Malgares, Don Facundo.In 1806 the relations between the United States and Spain were somewhat strained, the latter country having opposed the cession of the province of Louisiana to the United States by France. When Lieut. Zebulon M. Pike was fitting out his expedition at St. Louis, Spanish emmissaries there managed to get word to the authorities in New Mexico, and a counter expedition was planned to prevent Pike from exploring the country and to make treaties of amity with certain Indian tribes. (See Pike's Expedition.)
The leadership of the Spanish expedition was given to Don Facundo Malgares, a native of Spain, a nephew of one of the royal judges of New Spain, and a man who had distinguished himself as a commander of Spanish forces in numerous encounters with hostile Indians. Malgares marched from Santa Fe with 100 regular dragoons and 500 mounted militia, under instructions to turn back Pike in case he should meet him, and in any event to make friendly treaties with the Indians, in order that their allegiance might be secured in case of a rupture between the United States and Spain. While on the march an incident occurred that showed the determined character of the commander. A petition, signed by 200 of the militia, was presented to Malgares, asking him to turn back. Malgares ordered a halt, had a gallows erected, separated the petitioners from the rest of his command, and then directed that the man who presented the petition should receive fifty lashes, the gallows standing ready to receive any man who grumbled at his order. Under this heroic treatment there was no more talk of turning back, and the expedition soon after divided, 240 men remaining in camp while Malgares with the remainder of his force went on to the Pawnee republic, in what is now Republic county, Kan., where he made a treaty with the Pawnees. The Spanish flags which Pike found there a little later had been presented to the Indians by Malgares, who failed to meet Pike, and in October returned to Santa Fe.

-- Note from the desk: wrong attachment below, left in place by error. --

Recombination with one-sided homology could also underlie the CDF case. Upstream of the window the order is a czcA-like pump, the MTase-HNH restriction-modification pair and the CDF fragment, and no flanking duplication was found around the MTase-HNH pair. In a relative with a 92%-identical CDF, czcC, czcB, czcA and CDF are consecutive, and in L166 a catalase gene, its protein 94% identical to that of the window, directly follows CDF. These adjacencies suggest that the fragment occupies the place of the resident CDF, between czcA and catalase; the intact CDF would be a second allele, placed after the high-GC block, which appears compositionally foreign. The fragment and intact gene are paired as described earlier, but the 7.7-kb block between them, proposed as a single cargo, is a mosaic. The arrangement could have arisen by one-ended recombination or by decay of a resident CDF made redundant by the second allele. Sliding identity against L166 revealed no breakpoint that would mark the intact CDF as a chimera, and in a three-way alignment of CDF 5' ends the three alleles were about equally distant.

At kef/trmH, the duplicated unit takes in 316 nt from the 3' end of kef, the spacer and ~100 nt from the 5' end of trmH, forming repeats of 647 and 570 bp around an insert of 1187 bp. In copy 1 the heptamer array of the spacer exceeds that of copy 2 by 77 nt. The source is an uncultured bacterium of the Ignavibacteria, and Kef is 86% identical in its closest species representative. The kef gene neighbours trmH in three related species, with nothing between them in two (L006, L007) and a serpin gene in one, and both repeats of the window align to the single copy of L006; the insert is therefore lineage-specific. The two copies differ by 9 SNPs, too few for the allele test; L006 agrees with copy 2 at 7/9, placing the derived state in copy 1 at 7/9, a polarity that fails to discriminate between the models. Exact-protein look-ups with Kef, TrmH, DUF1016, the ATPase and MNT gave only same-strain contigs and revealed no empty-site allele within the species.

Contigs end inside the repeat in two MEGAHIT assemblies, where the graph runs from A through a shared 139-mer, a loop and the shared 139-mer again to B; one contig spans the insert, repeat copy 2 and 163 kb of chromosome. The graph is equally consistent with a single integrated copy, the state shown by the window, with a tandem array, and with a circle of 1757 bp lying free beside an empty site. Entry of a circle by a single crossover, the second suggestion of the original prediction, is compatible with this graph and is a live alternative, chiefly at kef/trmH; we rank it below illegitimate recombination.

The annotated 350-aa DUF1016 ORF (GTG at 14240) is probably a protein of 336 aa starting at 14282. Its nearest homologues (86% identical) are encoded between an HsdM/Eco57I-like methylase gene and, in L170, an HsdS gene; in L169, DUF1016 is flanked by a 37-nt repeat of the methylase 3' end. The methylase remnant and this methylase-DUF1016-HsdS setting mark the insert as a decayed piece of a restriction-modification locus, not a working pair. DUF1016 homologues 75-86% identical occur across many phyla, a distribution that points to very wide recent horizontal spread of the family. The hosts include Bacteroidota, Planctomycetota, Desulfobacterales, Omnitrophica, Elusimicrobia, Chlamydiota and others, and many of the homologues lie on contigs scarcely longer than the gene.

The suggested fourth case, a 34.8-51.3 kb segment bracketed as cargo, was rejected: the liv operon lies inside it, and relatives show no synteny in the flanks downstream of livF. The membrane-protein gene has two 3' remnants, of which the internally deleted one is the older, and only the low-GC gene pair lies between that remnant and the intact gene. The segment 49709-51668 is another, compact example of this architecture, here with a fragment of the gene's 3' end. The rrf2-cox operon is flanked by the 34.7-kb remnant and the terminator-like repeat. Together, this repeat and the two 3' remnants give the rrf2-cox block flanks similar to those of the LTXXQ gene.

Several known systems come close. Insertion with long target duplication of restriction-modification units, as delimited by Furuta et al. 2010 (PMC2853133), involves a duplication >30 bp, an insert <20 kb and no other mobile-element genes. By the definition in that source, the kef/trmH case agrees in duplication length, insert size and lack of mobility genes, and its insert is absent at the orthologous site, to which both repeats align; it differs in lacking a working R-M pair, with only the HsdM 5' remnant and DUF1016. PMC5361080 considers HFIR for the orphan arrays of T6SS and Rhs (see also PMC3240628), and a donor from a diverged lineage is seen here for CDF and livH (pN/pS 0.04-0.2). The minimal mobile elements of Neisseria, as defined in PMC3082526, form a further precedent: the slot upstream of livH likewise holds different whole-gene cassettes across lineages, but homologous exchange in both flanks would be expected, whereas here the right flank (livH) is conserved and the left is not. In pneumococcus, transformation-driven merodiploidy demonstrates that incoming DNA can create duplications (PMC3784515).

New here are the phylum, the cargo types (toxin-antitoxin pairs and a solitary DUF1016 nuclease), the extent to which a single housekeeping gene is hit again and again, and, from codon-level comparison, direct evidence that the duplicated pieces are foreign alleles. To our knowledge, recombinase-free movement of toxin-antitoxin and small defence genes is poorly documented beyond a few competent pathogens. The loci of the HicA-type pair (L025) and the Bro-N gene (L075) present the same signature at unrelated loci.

When Pike reached Santa Fe the governor there notified him that he and his men would have to he conducted to Chihuahua under a military escort, which Lieut. Malgares was selected to command. Notwithstanding the fact that Pike and his men were virtually prisoners of war, Malgares would not examine Pike's private papers, and refused to allow others to do so. Robinson, one of the men with Pike, in a letter to his superior, referred to Malgares as "a gentleman, a soldier, and one of the most gallant men you ever knew," and Pike himself expressed the hope that sometime he might have the opportunity of reciprocating the kindness shown him by Lieut. Malgares.Pages 212-213 from volume II of Kansas: a cyclopedia of state history, embracing events, institutions, industries, counties, cities, towns, prominent persons, etc. ... / with a supplementary volume devoted to selected personal history and reminiscence. Standard Pub. Co. Chicago : 1912. 3 v. in 4. : front., ill., ports.; 28 cm. Vols. I-II edited by Frank W. Blackmar. Transcribed July 2002 by Carolyn Ward.
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